Israel’s forthcoming security dilemma

Nadav Pollak writes: In recent weeks Israel and Hizballah continued a time-honored tradition that tends to flare up in the hot months of summer: exchanging harsh words and threats regarding what each side will do to the other in the next war. These are not empty threats. Each side has the ability to inflict tremendous damage on the other. But even though both sides are ready for a war, neither Israel nor Hizballah wants one now. The main purpose of their heated rhetoric is the maintenance of deterrence and alertness. However, a recent development might raise the temperature even more.

In a speech at the Herzliya Conference on June 22, Israel’s head of military intelligence, Maj. Gen. Herzi Halevi, basically confirmed prior reports in Arab media that the Iranian Revolutionary Guard Corps (IRGC) is working to establish an independent weapons industry in Lebanon focused on advanced missiles. This worrying development reportedly had become the focus of the Israel Defense Forces (IDF) and the Israeli cabinet in recent weeks, with some wondering if there will be a point at which Israel will need to execute a preemptive strike in Lebanon that might spark a war.

In recent years Israel attacked numerous arms shipments on their way to Hizballah. These advanced arms shipments reportedly included anti-ship missiles, surface-to-air missiles, and surface-to-surface ballistic missiles. Some of these missiles are accurate and can hit strategic sites in Israel, such as military bases and important civilian infrastructure. The Israeli prime minister and minister of defense time and time again said such capabilities in the hands of Hizballah would be a red line and insisted that Israel will act to prevent the flow of advanced weapons to the militant group. According to some estimates, Israel was able to destroy 60 percent of these advanced arms shipments. This might be cause for celebration, but it seems that these airstrikes changed something in Iran’s thinking.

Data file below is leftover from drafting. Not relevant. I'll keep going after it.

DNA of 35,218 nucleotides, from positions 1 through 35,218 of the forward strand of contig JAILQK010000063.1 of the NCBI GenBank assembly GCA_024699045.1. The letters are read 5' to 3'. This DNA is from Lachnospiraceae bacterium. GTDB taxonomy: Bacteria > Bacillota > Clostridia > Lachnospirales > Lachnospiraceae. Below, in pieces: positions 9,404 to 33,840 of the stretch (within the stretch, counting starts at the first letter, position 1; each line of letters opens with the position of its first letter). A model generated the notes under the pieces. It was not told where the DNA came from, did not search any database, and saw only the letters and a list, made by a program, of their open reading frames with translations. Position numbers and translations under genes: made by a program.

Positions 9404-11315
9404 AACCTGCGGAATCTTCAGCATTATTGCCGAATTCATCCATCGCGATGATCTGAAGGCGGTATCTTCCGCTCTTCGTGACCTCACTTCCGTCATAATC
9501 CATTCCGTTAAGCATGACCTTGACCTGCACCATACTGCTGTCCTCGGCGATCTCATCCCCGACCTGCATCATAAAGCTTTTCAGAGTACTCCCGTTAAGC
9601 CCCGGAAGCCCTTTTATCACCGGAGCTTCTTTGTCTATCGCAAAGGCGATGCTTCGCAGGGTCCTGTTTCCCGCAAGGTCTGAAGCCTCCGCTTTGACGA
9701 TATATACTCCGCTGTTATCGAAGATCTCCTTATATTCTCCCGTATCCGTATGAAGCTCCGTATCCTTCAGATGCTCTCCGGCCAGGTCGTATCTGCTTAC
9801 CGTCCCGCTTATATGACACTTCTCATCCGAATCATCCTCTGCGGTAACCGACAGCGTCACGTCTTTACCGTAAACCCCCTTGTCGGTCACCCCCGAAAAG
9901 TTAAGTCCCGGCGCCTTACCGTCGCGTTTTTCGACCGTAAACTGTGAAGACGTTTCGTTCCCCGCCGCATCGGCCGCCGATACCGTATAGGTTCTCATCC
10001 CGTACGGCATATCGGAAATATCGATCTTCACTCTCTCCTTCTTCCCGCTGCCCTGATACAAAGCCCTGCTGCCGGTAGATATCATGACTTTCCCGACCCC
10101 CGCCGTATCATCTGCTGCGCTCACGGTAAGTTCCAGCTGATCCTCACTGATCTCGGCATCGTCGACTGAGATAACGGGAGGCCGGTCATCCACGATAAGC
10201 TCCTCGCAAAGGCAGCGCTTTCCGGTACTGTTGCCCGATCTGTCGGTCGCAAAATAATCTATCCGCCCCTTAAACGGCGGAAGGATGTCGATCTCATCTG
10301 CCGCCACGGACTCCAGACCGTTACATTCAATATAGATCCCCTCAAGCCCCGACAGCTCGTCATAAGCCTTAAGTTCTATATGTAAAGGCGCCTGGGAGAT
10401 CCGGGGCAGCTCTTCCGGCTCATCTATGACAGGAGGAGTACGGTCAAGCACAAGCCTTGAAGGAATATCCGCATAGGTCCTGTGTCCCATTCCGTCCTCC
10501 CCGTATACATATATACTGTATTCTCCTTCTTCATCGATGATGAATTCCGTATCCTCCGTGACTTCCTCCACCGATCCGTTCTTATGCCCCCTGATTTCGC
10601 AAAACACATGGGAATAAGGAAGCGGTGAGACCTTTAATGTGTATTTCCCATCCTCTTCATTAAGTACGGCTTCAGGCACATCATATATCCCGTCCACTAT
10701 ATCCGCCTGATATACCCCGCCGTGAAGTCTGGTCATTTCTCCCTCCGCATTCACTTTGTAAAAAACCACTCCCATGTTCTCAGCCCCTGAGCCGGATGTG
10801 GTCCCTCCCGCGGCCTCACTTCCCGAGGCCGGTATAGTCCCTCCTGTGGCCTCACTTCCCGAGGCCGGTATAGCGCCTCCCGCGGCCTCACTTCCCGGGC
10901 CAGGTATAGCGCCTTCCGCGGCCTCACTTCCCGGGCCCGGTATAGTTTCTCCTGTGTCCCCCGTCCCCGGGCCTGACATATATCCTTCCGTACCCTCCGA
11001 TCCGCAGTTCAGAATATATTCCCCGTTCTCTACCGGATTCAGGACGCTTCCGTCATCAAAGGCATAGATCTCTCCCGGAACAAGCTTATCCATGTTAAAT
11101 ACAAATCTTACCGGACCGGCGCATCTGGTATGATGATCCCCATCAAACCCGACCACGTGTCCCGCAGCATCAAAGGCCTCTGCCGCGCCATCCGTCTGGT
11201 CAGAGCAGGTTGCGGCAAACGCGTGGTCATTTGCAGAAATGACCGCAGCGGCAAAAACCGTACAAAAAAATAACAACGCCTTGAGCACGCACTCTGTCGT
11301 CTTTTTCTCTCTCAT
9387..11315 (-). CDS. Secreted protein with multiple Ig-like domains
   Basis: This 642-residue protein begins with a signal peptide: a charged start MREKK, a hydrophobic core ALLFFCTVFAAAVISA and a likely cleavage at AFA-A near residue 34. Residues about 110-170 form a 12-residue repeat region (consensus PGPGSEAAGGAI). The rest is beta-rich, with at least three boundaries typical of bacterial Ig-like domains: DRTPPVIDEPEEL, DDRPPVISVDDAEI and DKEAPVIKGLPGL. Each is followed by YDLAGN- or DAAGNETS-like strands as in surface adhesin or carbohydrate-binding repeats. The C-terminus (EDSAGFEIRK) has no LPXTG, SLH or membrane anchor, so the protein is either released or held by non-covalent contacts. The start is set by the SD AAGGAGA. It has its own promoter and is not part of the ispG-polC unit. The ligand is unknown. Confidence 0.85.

Israeli media reported this week that the IRGC is pushing for a Hizballah-controlled advanced weapons industrial base because this would make Israel’s interdiction operations obsolete. Tehran likely hopes that Israel will avoid attacking Hizballah in Lebanon, fearing that such a direct attack might lead to war. As such, the closer the production line is to the customer, the better.

Iran’s calculus has some merit. It appears that Israel and Hizballah have an unspoken understanding: As long as Israel does not attack Hizballah on Lebanese soil and its attacks do not result in Hizballah casualties, the organization usually chooses not to retaliate. [Continue reading…]

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